Iran has been known for its strict censorship laws. At the moment, nationwide anti-regime protests are oppressed by growing surveillance, internet shutdowns, and banned apps.
Any content that can be considered a threat to national security is blocked or filtered, including:
- Religious, social, and political opposition
- Criticism of Iranian authorities
- Social media platforms and streaming services
- “Haram” content: pornography, gambling platforms, content with alcohol and drugs, LGBTQIA+ content, etc.
- Webpages of human rights organizations
A virtual private network (VPN) will allow you past censorship. However, since the Iranian government challenges the use of circumvention technology, you need to make sure you choose a VPN with excellent security features.
Our pick for the best VPN for Iran is ExpressVPN.
The Islamic Republic of Iran has one of the most isolated and restrictive media environments globally. Notable for its draconian censorship laws, the Iranian government has been adamant about limiting citizens’ access to independent news websites and social media platforms for years.
With the 2022 anti-regime protests in response to the death of 22-year-old Mahsa Amini increasing in the streets and online, the Iranian Guidance Patrol, or “morality police,” is pushing back against internet freedom more than ever before. From website filtering to nationwide shutdowns, people’s access to information is blocked.
Despite the fact that VPNs are officially banned, Iranians continue searching for ways to organize themselves and consume independent media.
How has it come to this? In this article, we dive into the state of censorship in Iran, the reasons for its existence, and the different ways you can get around it.
The State of Censorship in Iran
According to Reporters Without Borders (RSF), the distribution of news and the flow of information in Iran are subject to relentless control. This makes Iran one of the most oppressive countries in the world when it comes to freedom of expression. On the World Press Freedom Index, Iran currently ranks 174th out of 180 countries.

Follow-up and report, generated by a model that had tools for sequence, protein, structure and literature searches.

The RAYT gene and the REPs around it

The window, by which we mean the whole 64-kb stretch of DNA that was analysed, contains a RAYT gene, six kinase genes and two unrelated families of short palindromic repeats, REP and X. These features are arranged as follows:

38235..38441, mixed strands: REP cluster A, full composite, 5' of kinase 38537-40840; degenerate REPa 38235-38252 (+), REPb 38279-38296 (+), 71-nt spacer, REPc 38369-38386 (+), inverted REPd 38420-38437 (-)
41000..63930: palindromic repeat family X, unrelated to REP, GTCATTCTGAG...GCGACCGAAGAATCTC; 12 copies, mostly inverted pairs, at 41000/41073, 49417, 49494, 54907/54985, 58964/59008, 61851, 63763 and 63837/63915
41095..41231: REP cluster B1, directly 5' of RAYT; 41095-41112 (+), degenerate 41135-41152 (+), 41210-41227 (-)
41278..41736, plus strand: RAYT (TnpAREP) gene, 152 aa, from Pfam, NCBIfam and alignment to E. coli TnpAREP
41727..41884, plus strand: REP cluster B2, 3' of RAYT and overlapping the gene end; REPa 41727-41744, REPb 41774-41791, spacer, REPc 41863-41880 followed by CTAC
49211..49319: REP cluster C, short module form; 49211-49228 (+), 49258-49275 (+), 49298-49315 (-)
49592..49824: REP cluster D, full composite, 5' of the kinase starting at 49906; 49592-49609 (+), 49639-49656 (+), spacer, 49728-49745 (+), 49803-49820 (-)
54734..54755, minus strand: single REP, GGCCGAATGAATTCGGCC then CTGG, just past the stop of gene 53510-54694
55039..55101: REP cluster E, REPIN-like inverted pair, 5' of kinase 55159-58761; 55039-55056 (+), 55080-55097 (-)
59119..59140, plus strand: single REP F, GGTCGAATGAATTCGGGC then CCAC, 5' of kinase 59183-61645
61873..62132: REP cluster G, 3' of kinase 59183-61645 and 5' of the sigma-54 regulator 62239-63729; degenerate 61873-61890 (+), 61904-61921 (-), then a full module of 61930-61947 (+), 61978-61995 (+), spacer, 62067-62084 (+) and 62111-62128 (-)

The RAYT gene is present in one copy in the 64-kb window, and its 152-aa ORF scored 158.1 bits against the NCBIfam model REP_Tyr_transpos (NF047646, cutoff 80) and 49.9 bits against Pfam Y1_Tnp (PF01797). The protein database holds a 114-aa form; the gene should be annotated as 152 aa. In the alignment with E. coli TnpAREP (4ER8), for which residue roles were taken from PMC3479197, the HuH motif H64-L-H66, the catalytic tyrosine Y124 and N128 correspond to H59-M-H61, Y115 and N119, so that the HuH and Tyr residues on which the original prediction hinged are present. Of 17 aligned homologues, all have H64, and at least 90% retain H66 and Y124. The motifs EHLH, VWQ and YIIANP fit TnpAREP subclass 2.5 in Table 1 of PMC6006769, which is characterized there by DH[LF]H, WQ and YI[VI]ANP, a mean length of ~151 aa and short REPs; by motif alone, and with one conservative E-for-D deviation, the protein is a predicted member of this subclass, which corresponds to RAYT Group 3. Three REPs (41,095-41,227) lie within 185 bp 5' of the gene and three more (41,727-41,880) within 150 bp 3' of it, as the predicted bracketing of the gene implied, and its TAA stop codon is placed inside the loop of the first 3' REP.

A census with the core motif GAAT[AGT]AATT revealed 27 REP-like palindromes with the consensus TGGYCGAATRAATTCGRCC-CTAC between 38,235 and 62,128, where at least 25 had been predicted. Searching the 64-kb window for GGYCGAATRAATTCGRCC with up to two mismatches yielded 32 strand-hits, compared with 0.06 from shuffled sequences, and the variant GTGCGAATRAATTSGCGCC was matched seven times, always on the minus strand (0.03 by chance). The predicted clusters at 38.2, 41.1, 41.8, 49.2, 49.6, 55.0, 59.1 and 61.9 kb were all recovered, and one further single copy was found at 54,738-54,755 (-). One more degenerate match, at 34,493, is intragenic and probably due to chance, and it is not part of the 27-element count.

In 2010, RSF first included Iran on a list of thirteen countries designated “Enemies of the Internet.” While many had hoped that the global internet would provide ways to circumvent Iran’s censorship of traditional media, the Green Revolution of 2009 prompted a wave of cyber regulation.
Also known as the “Twitter Revolution,” Iranian authorities tightened their grip on the internet, which they deemed responsible for igniting the riots and protests. Since then, censorship in Iran has increased significantly, both online and offline.
Recently, a wave of internet restrictions has hit Iranian citizens. It all started after the death of Mahsa Amini, who passed away after being detained by the Iranian police for wearing “immodest clothing.” This caused widespread outrage and protests in Iran, which have been met with police violence, increased surveillance, and more censorship.
When taking a closer look at Iran’s censorship history, it becomes clear that it affects both the regular press and online media. We’ll discuss both in more detail down below.
Independent media under threat
Iran does not guarantee freedom of speech as a constitutional right. Rather, print media, radio, and television have to follow a strict set of rules when it comes to reporting on political or religious topics.
Subversive commentary, anti-government propaganda, and insults to what is sacred are all prohibited. The government maintains strict checks on all published content.
This does not only affect Iranian media, but also foreign news outlets. To keep control over the flow of information, Farsi language sections in international media are inaccessible from Iran. Moreover, foreign reporters in Iran are put under close surveillance.
Reports of police raiding private homes and confiscating satellite dishes are not uncommon. Additionally, state-controlled television channels can be forced to air confessions extracted from political prisoners in order to discredit opposition to the government.